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Three Things to Know: Anthony Davis will re-sign with Lakers, but don’t expect five years

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Every day in the NBA there is a lot to unpack, so every weekday morning throughout the season we will give you the three things you need to know from the last 24 hours in the NBA.

1) Anthony Davis will re-sign with Lakers but don’t expect five years. Wednesday’s “big” NBA story out of Los Angeles was the Lakers offered Anthony Davis a max extension of his current contract — four years, $146 million — and Davis turned it down. Except that wasn’t a surprise. As most stories on the issue explained, if Davis becomes a free agent this summer and re-signs with the Lakers he can get five-years, $202 million.

That is true. That is also not how this is going to go down.

Davis unquestionably will re-sign with the Lakers. I know zero sources around the league who think otherwise. That is why the league’s free agent/trade focus is now on Giannis Antetokounmpo (who probably signs a five-year super-max extension with the Bucks this summer, but there is more wiggle room than with Davis) and how unhappy Karl-Anthony Towns is in Minnesota.

Just don’t expect Davis to sign for five years with the Lakers. Expect a three-year contract with an opt-out after two.

This is right out of the LeBron James/Rich Paul playbook (Paul is Davis’ agent, too) and it works for two reasons. First, it keeps pressure on the Lakers organization to put a contending team on the court, something that will be a challenge once LeBron decides to step away (whenever that comes). Second, after two more seasons Davis will reach 10 years of service, making him eligible for a full 35 percent of the salary cap. In the summer of 2022 Davis could opt-out, then re-sign an even larger five-year contract with the Lakers.

All of which means a lot of “nothing to see here, move along” with the story of Davis passing on the Lakers’ extension offer, just know what comes next is not what a lot of pundits were selling.

2) Tristan Thompson led Cleveland to a feel-good win amidst controversy. As trade speculation swirled around Tristan Thompson last month, the Cavaliers put out word they want to keep him because they value his leadership that much.

They might have never needed it more than yesterday.

The Cavs spent the day at the forefront of the national sports conversation, because their coach – John Beilein – called his players “thugs” then said he meant to say “slugs.” The story was the right mix of sensational, serious and silly to capture attention. Even for a team accustomed to drama, this provided plenty.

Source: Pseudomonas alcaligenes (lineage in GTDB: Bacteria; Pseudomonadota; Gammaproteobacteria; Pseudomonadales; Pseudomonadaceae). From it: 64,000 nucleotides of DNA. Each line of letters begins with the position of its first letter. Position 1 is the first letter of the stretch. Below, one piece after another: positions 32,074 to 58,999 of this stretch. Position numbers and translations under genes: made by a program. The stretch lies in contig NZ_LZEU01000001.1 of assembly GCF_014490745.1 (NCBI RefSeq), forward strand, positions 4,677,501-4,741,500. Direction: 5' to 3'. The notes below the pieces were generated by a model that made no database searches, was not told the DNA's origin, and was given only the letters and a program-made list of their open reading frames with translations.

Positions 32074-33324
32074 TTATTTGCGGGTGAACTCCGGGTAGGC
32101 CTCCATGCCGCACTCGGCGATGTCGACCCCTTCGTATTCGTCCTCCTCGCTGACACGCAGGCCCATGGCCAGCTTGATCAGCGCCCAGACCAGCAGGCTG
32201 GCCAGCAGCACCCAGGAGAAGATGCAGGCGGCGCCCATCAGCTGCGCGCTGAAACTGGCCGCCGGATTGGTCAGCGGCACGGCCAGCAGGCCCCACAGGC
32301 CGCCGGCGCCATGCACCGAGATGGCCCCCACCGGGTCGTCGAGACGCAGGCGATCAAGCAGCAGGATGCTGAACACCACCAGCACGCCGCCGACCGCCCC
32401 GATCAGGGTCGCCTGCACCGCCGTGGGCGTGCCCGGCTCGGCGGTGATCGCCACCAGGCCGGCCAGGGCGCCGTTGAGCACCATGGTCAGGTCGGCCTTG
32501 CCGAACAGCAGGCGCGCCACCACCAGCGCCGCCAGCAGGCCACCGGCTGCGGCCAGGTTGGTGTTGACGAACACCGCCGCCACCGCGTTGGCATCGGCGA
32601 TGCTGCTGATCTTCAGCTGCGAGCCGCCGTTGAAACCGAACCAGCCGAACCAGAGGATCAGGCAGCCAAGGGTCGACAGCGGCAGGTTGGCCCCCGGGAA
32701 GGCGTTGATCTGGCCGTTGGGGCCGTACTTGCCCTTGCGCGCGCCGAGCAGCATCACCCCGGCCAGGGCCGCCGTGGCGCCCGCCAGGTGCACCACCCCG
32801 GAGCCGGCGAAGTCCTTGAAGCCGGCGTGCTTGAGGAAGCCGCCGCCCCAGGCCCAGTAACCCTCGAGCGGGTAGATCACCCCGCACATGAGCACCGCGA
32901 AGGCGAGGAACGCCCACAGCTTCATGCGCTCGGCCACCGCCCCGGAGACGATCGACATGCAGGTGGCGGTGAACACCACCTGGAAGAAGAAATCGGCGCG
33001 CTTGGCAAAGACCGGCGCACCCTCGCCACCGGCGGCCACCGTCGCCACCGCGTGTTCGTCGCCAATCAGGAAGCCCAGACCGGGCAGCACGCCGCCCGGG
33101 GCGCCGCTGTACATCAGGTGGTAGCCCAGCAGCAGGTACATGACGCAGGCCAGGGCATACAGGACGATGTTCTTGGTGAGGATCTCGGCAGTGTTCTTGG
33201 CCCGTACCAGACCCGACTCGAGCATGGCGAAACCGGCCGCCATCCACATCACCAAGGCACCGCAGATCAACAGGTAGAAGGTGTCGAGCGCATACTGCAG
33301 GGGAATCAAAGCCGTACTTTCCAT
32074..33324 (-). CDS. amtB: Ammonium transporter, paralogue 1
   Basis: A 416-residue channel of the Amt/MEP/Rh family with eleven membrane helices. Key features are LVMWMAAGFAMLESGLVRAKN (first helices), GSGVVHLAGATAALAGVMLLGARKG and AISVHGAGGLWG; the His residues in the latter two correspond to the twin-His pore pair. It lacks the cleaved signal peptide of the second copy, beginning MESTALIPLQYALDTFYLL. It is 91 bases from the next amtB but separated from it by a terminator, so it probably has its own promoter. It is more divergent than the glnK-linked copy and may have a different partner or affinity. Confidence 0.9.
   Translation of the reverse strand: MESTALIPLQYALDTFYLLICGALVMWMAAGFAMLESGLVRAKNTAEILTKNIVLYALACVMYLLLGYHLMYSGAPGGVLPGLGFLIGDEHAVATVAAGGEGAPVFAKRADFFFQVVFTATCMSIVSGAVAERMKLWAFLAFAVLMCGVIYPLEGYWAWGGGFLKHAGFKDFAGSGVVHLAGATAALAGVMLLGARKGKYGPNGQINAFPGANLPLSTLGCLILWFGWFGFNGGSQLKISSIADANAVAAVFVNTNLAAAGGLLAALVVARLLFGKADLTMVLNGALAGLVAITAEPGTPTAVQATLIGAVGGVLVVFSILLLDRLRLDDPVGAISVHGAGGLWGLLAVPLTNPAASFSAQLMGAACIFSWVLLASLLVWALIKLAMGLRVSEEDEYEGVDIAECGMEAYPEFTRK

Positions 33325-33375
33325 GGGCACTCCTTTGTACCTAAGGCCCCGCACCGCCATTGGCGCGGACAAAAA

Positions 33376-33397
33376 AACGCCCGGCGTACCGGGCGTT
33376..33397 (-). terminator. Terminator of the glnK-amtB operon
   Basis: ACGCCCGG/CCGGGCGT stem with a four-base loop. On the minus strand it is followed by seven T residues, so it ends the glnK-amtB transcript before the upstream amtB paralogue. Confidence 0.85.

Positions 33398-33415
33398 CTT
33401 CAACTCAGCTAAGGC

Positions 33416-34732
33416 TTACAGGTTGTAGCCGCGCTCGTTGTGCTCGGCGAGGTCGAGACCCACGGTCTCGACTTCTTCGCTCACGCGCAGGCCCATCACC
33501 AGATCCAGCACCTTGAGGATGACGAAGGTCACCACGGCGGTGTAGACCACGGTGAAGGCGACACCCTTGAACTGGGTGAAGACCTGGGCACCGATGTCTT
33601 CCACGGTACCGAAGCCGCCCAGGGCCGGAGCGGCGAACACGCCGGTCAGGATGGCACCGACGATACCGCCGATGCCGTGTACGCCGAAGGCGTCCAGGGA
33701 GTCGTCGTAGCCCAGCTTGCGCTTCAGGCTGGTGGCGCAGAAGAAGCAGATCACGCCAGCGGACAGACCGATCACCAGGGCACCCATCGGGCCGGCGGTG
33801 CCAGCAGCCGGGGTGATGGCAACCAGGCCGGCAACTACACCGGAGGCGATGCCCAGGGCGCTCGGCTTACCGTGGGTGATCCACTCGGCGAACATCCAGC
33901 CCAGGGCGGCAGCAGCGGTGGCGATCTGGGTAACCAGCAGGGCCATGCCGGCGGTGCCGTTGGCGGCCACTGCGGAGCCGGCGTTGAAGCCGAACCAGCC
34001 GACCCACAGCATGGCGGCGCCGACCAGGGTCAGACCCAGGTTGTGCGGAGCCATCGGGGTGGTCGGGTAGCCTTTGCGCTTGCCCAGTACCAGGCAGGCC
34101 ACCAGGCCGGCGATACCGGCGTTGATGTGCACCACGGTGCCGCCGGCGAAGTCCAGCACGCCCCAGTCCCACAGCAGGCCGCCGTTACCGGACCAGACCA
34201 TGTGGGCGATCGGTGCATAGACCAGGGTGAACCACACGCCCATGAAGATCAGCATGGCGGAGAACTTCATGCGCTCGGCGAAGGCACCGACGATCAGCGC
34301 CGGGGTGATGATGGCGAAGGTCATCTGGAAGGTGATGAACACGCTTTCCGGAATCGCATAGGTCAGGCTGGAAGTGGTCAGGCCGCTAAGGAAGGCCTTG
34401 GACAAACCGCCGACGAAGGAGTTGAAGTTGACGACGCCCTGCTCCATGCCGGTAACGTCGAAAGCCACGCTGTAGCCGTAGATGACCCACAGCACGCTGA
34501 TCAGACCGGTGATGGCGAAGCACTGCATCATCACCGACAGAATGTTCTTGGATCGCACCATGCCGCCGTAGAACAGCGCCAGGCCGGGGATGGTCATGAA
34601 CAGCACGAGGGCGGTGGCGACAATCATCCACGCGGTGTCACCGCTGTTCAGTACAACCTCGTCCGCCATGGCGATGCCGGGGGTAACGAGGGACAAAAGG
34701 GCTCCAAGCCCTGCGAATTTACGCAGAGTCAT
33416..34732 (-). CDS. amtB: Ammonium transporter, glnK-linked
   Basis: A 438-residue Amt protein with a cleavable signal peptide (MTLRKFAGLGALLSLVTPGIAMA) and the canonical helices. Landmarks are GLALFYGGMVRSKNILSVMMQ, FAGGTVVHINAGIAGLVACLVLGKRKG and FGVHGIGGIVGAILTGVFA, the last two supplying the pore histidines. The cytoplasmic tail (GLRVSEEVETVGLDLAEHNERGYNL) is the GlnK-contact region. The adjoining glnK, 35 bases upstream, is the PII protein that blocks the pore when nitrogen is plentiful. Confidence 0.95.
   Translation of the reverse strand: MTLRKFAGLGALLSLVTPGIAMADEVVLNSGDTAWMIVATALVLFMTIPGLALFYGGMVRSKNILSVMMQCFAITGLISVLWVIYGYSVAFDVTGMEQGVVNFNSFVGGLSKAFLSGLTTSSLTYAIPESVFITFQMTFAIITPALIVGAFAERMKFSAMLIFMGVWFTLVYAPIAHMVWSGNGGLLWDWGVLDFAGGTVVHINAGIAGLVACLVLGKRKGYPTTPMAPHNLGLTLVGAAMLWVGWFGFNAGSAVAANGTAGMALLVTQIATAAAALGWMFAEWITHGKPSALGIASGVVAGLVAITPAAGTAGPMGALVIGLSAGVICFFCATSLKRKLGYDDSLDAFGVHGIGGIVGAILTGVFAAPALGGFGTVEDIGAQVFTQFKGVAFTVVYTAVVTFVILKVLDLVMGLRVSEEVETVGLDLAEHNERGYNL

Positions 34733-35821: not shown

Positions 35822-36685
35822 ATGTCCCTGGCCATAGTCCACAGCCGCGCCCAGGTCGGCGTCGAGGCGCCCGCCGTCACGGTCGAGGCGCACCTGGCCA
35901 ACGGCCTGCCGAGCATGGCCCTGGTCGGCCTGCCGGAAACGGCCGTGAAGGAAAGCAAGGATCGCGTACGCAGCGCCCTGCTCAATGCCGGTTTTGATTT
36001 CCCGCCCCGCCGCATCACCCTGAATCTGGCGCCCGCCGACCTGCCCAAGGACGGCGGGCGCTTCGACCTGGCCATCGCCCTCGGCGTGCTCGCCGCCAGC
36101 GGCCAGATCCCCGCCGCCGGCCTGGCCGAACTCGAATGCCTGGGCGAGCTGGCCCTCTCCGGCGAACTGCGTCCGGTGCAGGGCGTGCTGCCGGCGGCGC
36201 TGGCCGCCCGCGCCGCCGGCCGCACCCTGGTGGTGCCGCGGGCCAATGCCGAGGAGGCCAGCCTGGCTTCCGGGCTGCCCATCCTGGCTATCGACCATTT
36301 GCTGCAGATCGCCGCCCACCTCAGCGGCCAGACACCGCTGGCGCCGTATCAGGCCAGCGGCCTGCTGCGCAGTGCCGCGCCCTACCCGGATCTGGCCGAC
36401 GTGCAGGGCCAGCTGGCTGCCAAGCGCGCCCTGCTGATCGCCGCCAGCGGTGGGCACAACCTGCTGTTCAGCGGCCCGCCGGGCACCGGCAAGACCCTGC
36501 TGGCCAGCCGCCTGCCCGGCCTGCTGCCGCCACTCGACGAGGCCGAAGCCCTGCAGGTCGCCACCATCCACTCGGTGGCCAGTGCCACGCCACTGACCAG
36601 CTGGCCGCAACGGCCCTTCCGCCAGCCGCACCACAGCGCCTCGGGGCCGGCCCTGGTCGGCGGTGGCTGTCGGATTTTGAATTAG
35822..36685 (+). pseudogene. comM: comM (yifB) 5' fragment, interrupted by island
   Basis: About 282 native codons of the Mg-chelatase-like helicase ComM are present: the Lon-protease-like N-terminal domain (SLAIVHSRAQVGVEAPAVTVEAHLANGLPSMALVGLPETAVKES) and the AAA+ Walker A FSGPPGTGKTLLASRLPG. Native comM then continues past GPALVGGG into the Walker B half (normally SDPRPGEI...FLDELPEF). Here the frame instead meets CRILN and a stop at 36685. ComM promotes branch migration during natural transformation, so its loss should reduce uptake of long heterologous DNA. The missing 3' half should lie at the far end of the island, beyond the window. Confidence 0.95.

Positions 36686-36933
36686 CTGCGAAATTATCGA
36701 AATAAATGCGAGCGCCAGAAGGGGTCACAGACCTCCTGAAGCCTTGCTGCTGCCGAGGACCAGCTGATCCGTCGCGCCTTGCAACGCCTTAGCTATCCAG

Enter Thompson.

The center scored a career-high 35 points, grabbed 14 rebounds, made the game-tying free throws in the fourth quarter, slammed the dagger dunk in overtime and finished a game-high +10 in a 115-112 win over the Pistons last night.

Did Thompson know his 35 points set a personal best?

“Uhhh,” Thompson said, seemingly deliberating how to answer a question that could make him look vain.

“Hell yeah!” Kevin Love, who had been exchanging friendly obscenities with Thompson throughout the interview, shouted across the locker room. “I was reminded by the bench!”

“Hell yeah!” Thompson said. “They was telling me on the bench, and s—, I ain’t stupid. I know!”

Love continued to rile up Thompson.

“I know what I’m talking about! I ain’t stupid! I’m a basketball savant! I know everything!” Thompson said, becoming increasingly profane and then comparing himself to The Schwab.

At the end of a long day, Beilein clearly appreciated his team’s enthusiasm.

“Go into a college locker room, and everybody is jumping around. Pro locker room, everyone is chilling after win,” Beilein said. “That locker room is hopping around right now.

“If they’re excited, then the coaching staff is really excited. Because we want to have fun. And the way you have fun is you win, and we won tonight.”

—Dan Feldman, from the Cavs/Pistons game in Detroit

3) Joel Embiid will miss a couple of weeks following finger surgery, but even without him Philadelphia’s defense locks-up Boston. Is it really a surprise that Joel Embiid needs surgery — did you see what happened to his finger earlier this week? The ring finger on his left hand was bent in a way fingers are just not meant to bend. At the time Embiid had it popped back in, taped up, and returned to the game (a win against Oklahoma City).

However, it should be no surprise he needs surgery for a torn ligament in that finger. Embiid is having surgery and will be re-evaluated in two weeks. He, averaging 23.4 points and 12.3 rebounds a game for the Sixers, but his bigger impact is on the defensive end, where the Sixers are 8.2 points per 100 possessions better when Embiid is on the court.

Except against Boston on Thursday night. With Al Horford as center — and after an early-game adjustment playing more aggressively out high on the pick-and-roll, rather than Embiid’s drop coverage — the Sixers shut down the top-10 Boston offense and got the win, 109-98. Philly got a spark from Josh Richardson’s 29 points, and Ben Simmons added 19, but it was mostly the Philly defense that stole the show.

We’ll see if the Sixers can sustain this level of defense with Embiid out, but this was an impressive start.

BONUS THING TO KNOW: They still love Russell Westbrook in Oklahoma City. Russell Westbrook returned to the franchise where he played the first 11 seasons of his career, where he grew up in a lot of ways, where he won an MVP-award and racked up triple -doubles. To say Thunder fans welcomed him back with open arms is an understatement.

First, there was a video tribute.

Then came the raucous standing ovation.

Then Westbrook went through his traditional pregame routine — fist bumps for the stat crew, shooting arrows, a sprint to the corner — to the joy of the crowd.

That crowd also loved the way Chris Paul and the rest of the Thunder played that night, spoiling Westbrook’s return and raking up a 113-92 Thunder win.

Kelly Loeffler calls WNBA players supporting her opponent for senate ‘out of control cancel culture’